No Resources for an ERP Implementation? Let’s Rethink That.

A common theme consistent across most small and medium sized enterprises is a lack of resources; financial, time and human resources all seem to be in short supply in their day-to-day business operations. This pressure is then only exacerbated when they think about implementing an ERP solution to help them grow.

It’s at this point that many SMEs decide against undertaking such a large-scale project, simply because they don’t think they will have enough time, money or people to see it through to a successful conclusion.

At Blue Ocean Systems, we offer a different view on this and suggest that resources (or lack of) isn’t really the main hurdle to overcome; it’s all in the planning.


Perceived lack of financial resources?

Let’s take the money question out of the picture immediately because there are so many ways for SMEs to finance their ERP investment, now really is a great time to take advantage of the support available.

We posted recently about the numerous grants and incentives available for eligible Singapore companies looking to become more innovative and productive with an ERP implementation. If you’re considering SAP Business One for your ERP, remember that it is designed (and priced) specifically for the SME market, and you might just be surprised to read our recent post about the true cost of an SAP implementation.


Not enough time to implement an ERP solution?

We’re not going to pretend that implementing your ERP solution will be a one-day job. The benefits are too numerous to have it all ready so quickly. But, thinking that you don’t have the time for an ERP implementation is quite shortsighted.

Yes, you will have to look at all areas of your business and work to streamline processes.

Yes, you will be required to address inefficient systems and procedures. Yes, you will need to spend time planning how new ways of doing things will affect your employees.

But – shouldn’t businesses be undertaking regular reviews of their end-to-end processes and finding new ways to improve manufacturing, delivery, sales etc.? Use your ERP implementation as an opportunity to overhaul and innovate your business operations to save much more time (and money) in the future.


Successful implementations need the right people

Just like the first two factors, an effective implementation needs the right people on board with the right skills, and probably most importantly – a true passion and belief in the improvements an ERP can bring to your business.

The right people need to be involved from the start of your ERP journey – before you have even selected a vendor or a solution. They need to represent their specific department, highlight pain points and potential risk factors and ‘own’ the solutions for their teams. Having the right people at this point is more about culture than anything else.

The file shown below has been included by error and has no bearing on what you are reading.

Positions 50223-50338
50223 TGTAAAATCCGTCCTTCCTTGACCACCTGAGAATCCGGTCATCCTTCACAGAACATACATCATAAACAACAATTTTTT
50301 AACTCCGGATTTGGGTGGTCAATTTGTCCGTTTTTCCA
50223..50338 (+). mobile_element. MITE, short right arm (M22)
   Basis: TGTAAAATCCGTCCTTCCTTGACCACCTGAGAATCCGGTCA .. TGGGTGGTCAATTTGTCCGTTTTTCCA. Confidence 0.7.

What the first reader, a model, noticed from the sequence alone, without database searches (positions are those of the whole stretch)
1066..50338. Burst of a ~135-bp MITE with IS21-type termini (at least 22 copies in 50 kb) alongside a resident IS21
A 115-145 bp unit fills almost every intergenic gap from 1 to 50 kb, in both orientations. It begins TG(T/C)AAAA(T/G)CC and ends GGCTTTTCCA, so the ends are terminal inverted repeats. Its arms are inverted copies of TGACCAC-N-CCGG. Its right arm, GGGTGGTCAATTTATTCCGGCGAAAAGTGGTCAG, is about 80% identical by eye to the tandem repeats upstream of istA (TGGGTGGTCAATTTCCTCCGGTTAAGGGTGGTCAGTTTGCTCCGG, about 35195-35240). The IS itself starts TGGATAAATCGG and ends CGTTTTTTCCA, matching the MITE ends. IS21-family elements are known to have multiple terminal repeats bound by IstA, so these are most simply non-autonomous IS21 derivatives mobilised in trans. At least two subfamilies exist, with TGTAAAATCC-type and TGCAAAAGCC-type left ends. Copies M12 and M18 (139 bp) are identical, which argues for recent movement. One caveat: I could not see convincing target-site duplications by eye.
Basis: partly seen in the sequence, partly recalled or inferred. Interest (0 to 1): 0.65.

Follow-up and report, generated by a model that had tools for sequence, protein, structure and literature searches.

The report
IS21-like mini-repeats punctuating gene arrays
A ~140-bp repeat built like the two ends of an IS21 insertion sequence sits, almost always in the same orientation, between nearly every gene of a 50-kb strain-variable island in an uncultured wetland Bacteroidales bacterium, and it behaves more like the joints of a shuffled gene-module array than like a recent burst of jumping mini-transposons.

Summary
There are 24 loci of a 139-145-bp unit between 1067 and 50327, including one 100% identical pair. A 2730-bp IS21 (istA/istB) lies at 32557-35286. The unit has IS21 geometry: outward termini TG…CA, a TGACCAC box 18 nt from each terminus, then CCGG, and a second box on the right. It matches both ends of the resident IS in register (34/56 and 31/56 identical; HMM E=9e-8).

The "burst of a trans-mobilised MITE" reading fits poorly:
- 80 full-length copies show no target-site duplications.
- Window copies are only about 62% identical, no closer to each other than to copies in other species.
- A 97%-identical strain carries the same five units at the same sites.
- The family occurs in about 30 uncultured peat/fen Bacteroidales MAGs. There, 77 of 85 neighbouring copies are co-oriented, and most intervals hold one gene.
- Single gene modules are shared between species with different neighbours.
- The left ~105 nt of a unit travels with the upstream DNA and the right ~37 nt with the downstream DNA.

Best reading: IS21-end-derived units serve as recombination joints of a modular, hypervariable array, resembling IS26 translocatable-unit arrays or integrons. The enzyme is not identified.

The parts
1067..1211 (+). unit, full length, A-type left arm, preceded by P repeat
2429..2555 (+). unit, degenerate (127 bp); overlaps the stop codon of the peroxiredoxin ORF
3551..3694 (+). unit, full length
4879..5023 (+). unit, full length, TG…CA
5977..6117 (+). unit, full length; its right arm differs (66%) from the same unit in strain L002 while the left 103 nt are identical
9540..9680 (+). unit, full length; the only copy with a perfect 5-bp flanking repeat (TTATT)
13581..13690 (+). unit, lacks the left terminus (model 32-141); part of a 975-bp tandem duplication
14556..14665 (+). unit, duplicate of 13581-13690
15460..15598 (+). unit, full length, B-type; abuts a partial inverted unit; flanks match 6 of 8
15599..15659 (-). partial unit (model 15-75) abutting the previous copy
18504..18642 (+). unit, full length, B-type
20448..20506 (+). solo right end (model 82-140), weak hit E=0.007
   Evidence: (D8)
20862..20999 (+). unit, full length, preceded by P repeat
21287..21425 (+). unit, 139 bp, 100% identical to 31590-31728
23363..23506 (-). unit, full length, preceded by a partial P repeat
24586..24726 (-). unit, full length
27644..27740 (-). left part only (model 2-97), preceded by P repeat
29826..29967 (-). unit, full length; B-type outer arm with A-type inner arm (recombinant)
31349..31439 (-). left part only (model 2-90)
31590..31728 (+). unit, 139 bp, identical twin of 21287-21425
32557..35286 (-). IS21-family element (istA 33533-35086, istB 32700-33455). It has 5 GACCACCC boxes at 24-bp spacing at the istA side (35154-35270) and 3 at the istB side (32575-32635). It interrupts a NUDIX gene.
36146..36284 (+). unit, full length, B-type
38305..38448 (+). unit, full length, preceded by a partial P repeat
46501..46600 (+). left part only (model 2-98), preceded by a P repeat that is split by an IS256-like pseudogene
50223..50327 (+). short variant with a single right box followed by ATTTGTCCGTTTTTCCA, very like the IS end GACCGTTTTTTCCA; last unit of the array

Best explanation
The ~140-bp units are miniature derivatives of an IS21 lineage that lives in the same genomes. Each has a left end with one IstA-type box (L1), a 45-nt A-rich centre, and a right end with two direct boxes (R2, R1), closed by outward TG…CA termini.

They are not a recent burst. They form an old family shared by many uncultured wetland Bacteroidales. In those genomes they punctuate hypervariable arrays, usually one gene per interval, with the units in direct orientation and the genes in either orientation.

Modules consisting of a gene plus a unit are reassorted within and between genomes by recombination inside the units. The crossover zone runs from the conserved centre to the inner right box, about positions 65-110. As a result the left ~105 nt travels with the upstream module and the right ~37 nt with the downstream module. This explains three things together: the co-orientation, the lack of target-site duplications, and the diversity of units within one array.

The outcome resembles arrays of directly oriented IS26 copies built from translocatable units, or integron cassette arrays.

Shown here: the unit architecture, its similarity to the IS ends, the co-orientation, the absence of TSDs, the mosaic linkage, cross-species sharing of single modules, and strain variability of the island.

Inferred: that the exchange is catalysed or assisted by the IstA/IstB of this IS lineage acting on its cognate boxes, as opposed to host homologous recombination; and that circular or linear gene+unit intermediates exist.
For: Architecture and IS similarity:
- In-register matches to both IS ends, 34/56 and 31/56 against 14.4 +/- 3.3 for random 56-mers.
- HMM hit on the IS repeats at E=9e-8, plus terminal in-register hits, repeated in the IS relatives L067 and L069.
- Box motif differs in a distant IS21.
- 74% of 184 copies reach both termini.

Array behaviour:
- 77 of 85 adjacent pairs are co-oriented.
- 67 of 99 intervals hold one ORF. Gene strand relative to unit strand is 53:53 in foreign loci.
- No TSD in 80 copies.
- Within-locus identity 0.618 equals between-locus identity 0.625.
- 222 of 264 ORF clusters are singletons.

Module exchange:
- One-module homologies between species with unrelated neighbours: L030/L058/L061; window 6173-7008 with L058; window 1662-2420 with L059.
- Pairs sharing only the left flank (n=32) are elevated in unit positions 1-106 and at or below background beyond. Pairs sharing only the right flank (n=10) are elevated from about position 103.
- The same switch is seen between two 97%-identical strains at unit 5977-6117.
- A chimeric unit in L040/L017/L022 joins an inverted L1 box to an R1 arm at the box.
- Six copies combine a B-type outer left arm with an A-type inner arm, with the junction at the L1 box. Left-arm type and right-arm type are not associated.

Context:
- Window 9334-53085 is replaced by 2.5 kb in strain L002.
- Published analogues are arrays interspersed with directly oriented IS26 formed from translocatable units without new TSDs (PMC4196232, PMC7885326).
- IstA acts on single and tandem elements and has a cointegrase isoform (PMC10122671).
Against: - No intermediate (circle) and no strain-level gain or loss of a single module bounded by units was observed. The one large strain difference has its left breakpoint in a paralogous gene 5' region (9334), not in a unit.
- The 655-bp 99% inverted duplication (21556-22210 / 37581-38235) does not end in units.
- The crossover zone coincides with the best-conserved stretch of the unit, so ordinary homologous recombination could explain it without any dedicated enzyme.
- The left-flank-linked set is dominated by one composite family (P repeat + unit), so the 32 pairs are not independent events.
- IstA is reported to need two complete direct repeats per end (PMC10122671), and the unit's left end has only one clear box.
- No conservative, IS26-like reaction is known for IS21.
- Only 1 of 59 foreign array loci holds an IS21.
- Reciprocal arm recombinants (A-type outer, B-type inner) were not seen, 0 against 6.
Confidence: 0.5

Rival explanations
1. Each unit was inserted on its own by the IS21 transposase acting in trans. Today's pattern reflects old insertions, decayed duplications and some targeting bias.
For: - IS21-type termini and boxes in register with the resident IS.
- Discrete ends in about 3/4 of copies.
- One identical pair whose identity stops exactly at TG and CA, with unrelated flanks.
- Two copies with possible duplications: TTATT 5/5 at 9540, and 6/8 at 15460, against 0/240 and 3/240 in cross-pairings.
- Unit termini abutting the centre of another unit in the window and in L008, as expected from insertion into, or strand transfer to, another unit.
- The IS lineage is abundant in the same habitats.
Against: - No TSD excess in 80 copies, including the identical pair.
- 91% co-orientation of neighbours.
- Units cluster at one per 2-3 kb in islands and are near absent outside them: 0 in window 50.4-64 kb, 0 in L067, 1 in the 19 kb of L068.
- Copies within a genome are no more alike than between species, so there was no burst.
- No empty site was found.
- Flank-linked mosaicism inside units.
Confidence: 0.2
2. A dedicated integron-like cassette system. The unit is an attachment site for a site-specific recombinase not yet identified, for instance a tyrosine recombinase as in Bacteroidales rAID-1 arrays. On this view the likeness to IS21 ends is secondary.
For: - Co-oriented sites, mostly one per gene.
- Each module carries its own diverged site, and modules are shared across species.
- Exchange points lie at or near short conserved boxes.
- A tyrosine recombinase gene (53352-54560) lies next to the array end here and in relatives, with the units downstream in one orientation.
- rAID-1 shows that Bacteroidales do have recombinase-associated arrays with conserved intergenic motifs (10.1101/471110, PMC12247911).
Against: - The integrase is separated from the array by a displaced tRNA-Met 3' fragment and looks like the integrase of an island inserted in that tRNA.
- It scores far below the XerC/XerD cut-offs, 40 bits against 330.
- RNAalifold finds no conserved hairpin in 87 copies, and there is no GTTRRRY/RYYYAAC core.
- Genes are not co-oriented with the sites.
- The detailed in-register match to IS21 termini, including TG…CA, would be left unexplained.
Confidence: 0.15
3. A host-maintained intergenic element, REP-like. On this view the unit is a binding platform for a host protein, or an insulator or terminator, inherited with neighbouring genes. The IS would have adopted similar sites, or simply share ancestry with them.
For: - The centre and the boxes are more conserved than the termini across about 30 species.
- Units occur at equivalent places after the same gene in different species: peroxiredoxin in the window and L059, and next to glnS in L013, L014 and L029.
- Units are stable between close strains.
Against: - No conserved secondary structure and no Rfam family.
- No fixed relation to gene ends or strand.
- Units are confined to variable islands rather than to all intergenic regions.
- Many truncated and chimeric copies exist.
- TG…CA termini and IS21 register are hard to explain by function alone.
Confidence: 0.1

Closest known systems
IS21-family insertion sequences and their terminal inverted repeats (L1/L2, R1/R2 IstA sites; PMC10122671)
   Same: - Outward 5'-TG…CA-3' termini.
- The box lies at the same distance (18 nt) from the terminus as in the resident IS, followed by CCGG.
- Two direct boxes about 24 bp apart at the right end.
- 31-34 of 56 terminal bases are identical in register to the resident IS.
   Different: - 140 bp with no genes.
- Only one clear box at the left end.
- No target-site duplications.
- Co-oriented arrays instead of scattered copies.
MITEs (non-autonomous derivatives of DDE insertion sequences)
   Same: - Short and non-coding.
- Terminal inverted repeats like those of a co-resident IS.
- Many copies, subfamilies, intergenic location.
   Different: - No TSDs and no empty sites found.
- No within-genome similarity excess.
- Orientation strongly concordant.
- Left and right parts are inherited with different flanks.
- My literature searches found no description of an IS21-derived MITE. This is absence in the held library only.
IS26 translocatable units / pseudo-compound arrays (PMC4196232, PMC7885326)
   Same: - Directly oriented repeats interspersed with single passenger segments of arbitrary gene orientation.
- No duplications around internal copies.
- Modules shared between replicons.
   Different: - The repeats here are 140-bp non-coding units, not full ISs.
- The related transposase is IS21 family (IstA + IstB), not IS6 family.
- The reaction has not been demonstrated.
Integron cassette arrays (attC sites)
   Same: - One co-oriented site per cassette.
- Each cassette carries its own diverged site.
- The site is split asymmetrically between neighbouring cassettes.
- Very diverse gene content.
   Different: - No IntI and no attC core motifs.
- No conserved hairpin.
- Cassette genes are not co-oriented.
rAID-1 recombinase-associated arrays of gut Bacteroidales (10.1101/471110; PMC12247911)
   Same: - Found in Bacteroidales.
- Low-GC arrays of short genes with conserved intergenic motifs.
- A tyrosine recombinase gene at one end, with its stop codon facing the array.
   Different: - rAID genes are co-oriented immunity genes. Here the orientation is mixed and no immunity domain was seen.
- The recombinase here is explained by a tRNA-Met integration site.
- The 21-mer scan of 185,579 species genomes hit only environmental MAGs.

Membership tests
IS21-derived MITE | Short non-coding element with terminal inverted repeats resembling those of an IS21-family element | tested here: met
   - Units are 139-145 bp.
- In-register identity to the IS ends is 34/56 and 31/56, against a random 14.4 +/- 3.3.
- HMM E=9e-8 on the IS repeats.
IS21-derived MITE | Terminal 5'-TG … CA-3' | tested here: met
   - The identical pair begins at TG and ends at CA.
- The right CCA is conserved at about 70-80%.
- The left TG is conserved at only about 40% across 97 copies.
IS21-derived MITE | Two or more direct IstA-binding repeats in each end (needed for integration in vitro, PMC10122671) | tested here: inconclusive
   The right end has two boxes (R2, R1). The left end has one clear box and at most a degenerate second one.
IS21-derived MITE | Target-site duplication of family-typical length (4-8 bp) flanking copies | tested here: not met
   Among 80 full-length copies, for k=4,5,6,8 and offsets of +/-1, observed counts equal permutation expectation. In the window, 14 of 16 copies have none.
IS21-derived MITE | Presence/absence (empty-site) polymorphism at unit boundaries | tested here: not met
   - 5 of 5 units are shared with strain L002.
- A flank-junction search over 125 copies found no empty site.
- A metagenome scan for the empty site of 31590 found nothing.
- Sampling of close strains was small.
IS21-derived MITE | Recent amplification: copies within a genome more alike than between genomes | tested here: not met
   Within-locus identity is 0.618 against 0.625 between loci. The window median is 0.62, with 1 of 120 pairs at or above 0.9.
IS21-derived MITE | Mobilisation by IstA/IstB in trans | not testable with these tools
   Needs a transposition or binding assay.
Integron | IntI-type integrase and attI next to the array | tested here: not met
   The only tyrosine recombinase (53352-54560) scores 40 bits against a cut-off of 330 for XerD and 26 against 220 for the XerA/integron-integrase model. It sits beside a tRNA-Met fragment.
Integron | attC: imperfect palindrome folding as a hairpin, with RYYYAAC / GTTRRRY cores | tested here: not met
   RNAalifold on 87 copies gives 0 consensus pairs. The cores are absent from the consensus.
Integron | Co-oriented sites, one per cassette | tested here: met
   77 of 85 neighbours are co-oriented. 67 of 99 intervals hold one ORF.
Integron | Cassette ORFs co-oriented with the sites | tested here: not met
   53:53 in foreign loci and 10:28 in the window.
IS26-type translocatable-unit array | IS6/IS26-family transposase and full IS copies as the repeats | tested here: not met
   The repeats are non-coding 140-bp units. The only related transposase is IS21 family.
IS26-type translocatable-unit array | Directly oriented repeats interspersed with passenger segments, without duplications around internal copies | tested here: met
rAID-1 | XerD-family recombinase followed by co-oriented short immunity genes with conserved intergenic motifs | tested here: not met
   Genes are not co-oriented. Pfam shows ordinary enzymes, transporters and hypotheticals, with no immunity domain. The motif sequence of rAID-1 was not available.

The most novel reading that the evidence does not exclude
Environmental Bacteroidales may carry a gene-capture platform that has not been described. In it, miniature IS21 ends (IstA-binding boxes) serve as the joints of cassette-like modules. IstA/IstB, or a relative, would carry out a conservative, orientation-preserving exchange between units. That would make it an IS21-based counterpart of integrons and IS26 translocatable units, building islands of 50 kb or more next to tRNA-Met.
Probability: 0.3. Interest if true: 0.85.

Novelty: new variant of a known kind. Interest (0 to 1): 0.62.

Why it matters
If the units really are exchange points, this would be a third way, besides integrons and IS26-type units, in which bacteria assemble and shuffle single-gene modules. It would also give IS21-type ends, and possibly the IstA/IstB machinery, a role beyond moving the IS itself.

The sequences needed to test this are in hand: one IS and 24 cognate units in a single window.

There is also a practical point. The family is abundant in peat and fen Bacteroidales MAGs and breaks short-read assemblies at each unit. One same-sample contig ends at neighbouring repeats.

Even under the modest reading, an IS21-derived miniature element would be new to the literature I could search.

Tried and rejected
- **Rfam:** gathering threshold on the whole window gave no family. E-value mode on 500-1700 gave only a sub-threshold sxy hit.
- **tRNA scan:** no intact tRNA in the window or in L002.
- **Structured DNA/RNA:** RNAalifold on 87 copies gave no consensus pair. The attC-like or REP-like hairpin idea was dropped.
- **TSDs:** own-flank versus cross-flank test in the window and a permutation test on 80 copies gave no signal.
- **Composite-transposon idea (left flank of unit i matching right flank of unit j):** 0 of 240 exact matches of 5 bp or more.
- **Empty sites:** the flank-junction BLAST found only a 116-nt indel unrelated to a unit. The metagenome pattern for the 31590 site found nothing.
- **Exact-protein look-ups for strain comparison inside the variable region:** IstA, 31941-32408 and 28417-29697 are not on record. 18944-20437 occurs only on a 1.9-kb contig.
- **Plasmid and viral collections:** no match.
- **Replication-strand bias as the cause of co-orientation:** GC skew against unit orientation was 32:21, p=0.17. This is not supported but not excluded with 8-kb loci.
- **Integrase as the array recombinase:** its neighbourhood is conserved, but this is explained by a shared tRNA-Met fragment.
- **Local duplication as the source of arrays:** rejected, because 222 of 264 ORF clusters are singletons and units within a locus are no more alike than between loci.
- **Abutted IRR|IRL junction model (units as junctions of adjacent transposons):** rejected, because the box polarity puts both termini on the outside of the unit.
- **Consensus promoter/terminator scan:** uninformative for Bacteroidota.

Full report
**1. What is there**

Then, you need to think about the specialists you need on board…

A Project Manager is not simply the most organised person in your workforce. Ideally, they need to have project management qualifications, and definitely need to have experience in implementing new systems. If you don’t have the right people, hiring them is imperative. The initial outlay for an external specialist consultant will far outweigh the cost of not getting the implementation right.

Support the Project Manager; the implementation team needs to represent your entire business so each step of the process looks at how it impacts all departments. If they can’t be spared full time for the duration of the implementation, work out ways to reduce their usual tasks so they can fully commit to the success of the project. Again, most importantly, the project team members are change agents and need to set the example for a successful improvement happening within your organisation. If they don’t lead by example, then the adoption of a new system will be much harder for the rest of the workforce. Read more here about organisational change.

Communications is another area you might seek outside help for. Never underestimate the need for a strong, iterative communications plan that delivers key messages, updates and instructions to everyone affected at each stage of the project. This includes a comprehensive training plan in the context of everyone’s specific role within the organisation.

Your executive team members are the biggest change agents within the organisation and need to be fully on board to support the project manager and implementation team. They need to prioritise, under your leadership, the ERP implementation as one of the biggest projects they will undertake for your business.

Your requirement for resources (time, money, people) is secondary to your requirement to plan for a successful ERP implementation. Having the long-term goal in mind will be key in your shift in perception from ‘not having enough resources to make it happen’ to ‘achieving our long-term objectives through thoughtful planning.’


Contact the Blue Ocean Systems team for more help on putting your ERP implementation plan together.


Do you know a company going through the same struggle in trying to work out their resources for their ERP implementation? Or they have been put off due to a perceived lack of time, money and people? If so, contact us with their name and let us know their challenges so we can lend a helping hand.


Note: This story has also been adapted for publication in Steemit.

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